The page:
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Economists from the Federal Reserve Bank of New York think advanced economies might not need cryptocurrencies

The Federal Reserve Bank of New York published an interview on its website in which two economists from the NY FED Research and Statistics Group, Michael Lee and Antoine Martin, answered questions about the basic concepts of cryptocurrency and financial trust. They first explained what cryptocurrencies were and their trustless nature. Antoine Martin said: “ Cryptocurrencies are digital, or virtual, money. Bitcoin, which was created in 2009, is the first and probably the best known cryptocurrency, but many others have followed, such as Ethereum, Ripple, Bitcoin Cash, Litecoin, etc.” At the same time, the economists expressed their doubt that the cryptocurrencies could ever compete with traditional payment methods.

When it comes to the fact the cryptocurrencies are not backed up by anything real, such as gold, Lee said: “You are right that the virtual currencies are not backed up by physical goods, but neither is the dollar or most other modern currencies. Like any functioning form of currency, cryptocurrencies facilitate payments between parties and provide a store of value. What’s special about them is that they can serve those roles even in environments where trust—or lack of trust—is a problem. Trust is implicit for practically any means of payment. Say I need to buy groceries. If I pay with a personal check, the grocer has to trust that the check isn’t “hot” (that I own the account and it has sufficient funds).”

He added that trust in a particular currency is what gives it value and makes it acceptable in a payment environment. In the case of the cryptocurrencies, the aforementioned trust is not guaranteed by a government or any other institution, it is only guaranteed by the blockchain technology behind them.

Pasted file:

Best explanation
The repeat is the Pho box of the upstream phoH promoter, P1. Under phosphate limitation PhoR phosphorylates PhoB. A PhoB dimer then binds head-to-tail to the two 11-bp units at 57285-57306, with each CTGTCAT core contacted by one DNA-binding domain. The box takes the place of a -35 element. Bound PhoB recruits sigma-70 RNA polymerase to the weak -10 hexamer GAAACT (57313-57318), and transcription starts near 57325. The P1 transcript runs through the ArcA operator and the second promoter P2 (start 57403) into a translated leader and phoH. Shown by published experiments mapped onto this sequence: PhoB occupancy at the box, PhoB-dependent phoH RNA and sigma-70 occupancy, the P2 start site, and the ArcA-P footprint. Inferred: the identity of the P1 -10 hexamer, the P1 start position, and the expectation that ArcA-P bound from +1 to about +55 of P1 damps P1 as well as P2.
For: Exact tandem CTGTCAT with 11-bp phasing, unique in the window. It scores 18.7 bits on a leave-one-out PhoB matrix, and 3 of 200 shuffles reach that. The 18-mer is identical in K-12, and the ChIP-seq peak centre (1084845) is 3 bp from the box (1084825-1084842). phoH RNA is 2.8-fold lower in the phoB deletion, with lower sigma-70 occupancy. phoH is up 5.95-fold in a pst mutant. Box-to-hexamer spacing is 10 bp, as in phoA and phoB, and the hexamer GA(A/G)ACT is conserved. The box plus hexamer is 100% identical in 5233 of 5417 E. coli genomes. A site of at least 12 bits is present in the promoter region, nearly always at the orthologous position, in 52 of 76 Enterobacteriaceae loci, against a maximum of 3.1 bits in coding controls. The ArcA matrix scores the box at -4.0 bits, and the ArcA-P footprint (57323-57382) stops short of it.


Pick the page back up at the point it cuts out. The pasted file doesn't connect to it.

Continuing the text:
When asked if the cryptocurrencies would ever become the money of the future, Martin expressed his doubt: “Cryptocurrencies arguably solve the problem of making payments in a trustless environment, but it is not obvious that this is a problem that needs solving, at least in the United States and other advanced economies.”

Martin also pointed out the lack of convenience and the extreme volatile nature of the cryptocurrencies as a factor that will prevent them from being adopted as currencies. He also added that people have a tendency to trust the financial institutions to process their payments and the central bank to maintain the value of money.

As Lee said in the interview, there is an inverse relationship between trust in the fiat financial system and interest in bitcoin. During the financial crisis in 2015 in Greece, the number of bitcoin transactions in the network reached its historical maximum.

The interview concludes with a disclaimer that the opinions of the two economists do not necessarily reflect the official position of the Federal Reserve Bank of New York or the Federal Reserve System of the United States of America as a whole.

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